October 21, 2015 KARACHI: Value-added textile sector on Monday called the 10 percent regulatory duty slapped on cotton yarn import from India as its death warrant, demanding of the government to withdraw it.
Chairmen of all value-added textile associations, in a joint meeting at the Pakistan Hosiery Manufacturers Association, opposed the duty, which they said will increase their cost of doing business.
The federal government imposed the regulatory duty on yarn import from India on Saturday last week after the All Pakistan Textile Mills Association (Aptma) announced a countrywide strike to close its 400 member spinning mills.
The meeting said that the government’s decisions, except the reduction in long-term financing facility and export refinancing rates, only supported the spinning sector.
The duty decision will jack up the cost of goods produced by the value- added textile sector.
It was noted, in the meeting that the biggest crisis is in the value-added sector, which exports 80 percent of total textile exports in monetary terms. The participants said their viewpoints were completely overlooked.
In fact, the Saturday’s meeting will enhance the cost of value-added products by three to four percent as yarn prices go up in proportion to the rise in duty. The meeting appealed to the finance minister to review its decision of the regulatory duty imposition.
Meanwhile, Chairman Pakistan Readymade Garments Manufacturers and Exporters Association (PRGMEA) Sindh-Balochistan zone Irfan Ali sent letters against the duty to the prime minister, finance minister and chairman of Federal Board of Revenue.
Reacting over the government's decision, Ali said exports are already declining and an additional input cost will be a death warrant for the most important foreign exchange earning sector.
He appealed to the government not to make any decision in isolation or just to meet the demands of Aptma.
Ali of Aptma demanded of the government to reimburse refund claims to the tune of Rs12 billion of garments exporters stuck with the government against DLTL (drawbacks of local taxes and levies), sales tax and duty drawbacks.
He said the garment exporters are facing multiple issues despite being the largest exporting industry and highest employment provider.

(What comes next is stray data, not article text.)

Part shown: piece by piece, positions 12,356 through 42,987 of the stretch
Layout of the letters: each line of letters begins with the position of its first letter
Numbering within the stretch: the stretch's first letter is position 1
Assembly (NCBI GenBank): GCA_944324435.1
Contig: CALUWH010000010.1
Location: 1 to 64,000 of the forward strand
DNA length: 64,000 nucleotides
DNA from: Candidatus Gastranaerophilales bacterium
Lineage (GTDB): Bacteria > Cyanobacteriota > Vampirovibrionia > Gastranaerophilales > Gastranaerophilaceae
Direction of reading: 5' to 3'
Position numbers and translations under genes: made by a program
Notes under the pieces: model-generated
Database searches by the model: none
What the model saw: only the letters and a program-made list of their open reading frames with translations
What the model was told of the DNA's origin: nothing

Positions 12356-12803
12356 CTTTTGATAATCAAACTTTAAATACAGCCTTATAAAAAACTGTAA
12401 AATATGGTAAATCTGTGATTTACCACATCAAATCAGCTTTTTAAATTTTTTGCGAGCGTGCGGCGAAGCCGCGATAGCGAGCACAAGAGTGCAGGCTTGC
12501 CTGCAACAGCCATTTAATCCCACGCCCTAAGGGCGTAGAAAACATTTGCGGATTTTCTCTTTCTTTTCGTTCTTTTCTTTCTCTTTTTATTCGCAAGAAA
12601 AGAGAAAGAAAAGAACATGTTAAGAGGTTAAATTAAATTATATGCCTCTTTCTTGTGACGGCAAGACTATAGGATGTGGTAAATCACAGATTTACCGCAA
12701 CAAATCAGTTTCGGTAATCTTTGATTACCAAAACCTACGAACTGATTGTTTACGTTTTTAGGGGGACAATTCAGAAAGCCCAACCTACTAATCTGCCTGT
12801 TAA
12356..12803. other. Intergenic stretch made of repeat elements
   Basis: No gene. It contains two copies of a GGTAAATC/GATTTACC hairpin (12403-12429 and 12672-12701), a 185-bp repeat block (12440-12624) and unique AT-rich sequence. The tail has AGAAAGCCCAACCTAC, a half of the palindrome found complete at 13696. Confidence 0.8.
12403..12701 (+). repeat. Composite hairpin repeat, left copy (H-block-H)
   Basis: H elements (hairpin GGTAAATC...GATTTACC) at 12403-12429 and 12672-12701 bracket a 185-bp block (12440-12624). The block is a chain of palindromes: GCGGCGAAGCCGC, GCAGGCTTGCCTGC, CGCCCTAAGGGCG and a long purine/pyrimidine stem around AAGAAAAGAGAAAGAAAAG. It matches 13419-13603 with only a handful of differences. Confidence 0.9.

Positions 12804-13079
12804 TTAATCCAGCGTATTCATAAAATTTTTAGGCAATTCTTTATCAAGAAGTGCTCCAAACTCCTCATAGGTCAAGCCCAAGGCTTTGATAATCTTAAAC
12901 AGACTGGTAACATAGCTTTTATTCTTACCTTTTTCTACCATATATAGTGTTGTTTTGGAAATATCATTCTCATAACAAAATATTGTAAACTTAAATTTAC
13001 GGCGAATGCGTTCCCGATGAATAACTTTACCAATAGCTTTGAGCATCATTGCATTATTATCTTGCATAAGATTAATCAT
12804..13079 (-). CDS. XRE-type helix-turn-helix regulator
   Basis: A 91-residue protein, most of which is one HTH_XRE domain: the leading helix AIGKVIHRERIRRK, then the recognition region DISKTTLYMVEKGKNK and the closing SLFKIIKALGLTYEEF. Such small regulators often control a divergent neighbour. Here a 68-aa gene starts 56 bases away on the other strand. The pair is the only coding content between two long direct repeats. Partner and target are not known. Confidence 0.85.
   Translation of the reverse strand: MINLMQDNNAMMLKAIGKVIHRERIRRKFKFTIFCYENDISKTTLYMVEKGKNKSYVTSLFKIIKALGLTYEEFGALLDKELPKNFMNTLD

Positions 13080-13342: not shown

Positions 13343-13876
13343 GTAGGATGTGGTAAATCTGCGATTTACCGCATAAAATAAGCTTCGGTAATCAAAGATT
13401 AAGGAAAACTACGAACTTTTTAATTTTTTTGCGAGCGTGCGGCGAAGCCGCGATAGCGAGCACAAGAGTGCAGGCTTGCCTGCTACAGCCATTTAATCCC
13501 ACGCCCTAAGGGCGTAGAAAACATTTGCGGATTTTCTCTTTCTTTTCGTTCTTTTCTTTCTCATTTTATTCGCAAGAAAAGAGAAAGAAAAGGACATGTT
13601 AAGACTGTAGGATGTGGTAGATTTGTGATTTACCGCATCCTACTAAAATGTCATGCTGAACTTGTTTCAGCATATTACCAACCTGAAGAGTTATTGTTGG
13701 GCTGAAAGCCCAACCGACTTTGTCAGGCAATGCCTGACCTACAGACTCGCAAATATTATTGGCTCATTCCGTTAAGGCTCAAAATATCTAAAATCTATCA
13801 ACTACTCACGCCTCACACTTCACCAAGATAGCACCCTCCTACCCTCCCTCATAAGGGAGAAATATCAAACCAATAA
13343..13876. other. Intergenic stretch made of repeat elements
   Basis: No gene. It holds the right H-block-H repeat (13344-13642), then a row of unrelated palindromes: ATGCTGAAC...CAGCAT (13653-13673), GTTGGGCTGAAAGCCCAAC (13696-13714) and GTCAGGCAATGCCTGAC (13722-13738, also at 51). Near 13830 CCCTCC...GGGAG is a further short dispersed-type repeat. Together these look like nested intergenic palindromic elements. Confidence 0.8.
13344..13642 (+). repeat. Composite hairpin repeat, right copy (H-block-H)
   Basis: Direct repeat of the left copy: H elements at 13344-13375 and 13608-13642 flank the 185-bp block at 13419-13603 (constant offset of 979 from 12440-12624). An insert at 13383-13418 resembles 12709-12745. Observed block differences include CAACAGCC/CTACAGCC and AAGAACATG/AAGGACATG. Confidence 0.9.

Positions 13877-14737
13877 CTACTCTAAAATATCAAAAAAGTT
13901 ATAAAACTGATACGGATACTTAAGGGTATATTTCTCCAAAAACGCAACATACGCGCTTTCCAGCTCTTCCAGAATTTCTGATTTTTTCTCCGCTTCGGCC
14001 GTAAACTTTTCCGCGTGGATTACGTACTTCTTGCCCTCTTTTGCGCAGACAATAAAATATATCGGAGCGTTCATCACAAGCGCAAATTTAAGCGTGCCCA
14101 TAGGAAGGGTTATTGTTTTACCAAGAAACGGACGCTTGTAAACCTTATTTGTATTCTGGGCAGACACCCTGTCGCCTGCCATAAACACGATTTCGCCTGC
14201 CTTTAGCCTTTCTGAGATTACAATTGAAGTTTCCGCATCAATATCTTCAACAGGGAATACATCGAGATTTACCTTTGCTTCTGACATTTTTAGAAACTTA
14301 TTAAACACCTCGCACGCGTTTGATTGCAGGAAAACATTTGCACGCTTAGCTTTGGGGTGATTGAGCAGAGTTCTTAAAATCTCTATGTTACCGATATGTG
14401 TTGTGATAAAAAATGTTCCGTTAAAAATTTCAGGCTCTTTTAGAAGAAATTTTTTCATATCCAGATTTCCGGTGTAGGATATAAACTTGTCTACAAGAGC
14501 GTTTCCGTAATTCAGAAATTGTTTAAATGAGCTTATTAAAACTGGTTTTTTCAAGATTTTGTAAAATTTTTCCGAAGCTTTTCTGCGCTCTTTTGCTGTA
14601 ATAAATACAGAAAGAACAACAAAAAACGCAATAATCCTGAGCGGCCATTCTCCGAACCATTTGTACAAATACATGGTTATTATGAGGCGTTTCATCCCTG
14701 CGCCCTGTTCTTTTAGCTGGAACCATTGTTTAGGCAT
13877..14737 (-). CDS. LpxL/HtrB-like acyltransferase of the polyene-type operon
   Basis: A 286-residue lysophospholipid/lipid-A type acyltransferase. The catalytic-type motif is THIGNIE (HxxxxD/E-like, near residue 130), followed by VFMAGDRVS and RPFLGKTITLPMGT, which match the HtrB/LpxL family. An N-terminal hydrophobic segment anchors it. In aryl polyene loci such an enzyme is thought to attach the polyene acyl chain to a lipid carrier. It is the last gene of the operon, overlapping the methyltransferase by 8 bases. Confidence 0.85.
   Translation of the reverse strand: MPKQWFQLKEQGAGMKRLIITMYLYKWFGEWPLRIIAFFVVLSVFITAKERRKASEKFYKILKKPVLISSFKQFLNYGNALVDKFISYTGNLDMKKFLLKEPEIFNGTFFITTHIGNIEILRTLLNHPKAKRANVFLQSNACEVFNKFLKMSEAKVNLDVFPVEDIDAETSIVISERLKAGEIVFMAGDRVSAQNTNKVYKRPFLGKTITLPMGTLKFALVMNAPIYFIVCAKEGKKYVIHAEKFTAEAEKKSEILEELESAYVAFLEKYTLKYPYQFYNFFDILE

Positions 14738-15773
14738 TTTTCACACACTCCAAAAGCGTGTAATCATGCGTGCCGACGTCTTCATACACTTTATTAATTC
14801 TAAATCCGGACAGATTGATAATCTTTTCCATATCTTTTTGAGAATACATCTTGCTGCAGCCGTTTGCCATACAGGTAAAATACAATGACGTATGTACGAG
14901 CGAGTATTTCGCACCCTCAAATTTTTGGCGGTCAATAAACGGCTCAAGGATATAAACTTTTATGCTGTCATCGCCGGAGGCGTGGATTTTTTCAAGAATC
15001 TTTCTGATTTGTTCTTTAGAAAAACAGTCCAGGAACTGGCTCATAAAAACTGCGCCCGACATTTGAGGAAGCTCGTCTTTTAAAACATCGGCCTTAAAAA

First and foremost is the issue of pending DLTL claims jeopardising the key initiatives of the textile and trade policies, he added.
Ali said currently around Rs12 billion of exporters’ claims are pending with the government, but none of the concerned authorities have settled a single penny despite an outlay in the current budget.
He said PRGMEA’s officials had met with the member sales tax and customs several times but to no avail.
He said instead of resolving their energy crisis, the government entangles exporters into meaningless administrative procedures, which divert them attention from the main activity exports.
“The government should play a role of business facilitator instead of a regulator,” he said.
He warned the government to mend its ways as all the economic indicators are showing negative trends.
“The government should provide a level-playing field by reducing gas and power supply rates to the industry to help exporters cut their energy costs and release billions of rupees stuck in sales tax refunds,” he said.
Mills are not processing their fabric and the sewing units could not guarantee timely deliveries of export shipments due to gas shortages.
“We cannot compete with Bangladesh let alone India or China with this productivity level,” he said.
The government envisaged increasing Pakistan’s exports annually by one billion dollar after getting generalised scheme of preference plus status. However, exports plunged during the last several months mainly due to the ongoing energy shortage.:sad: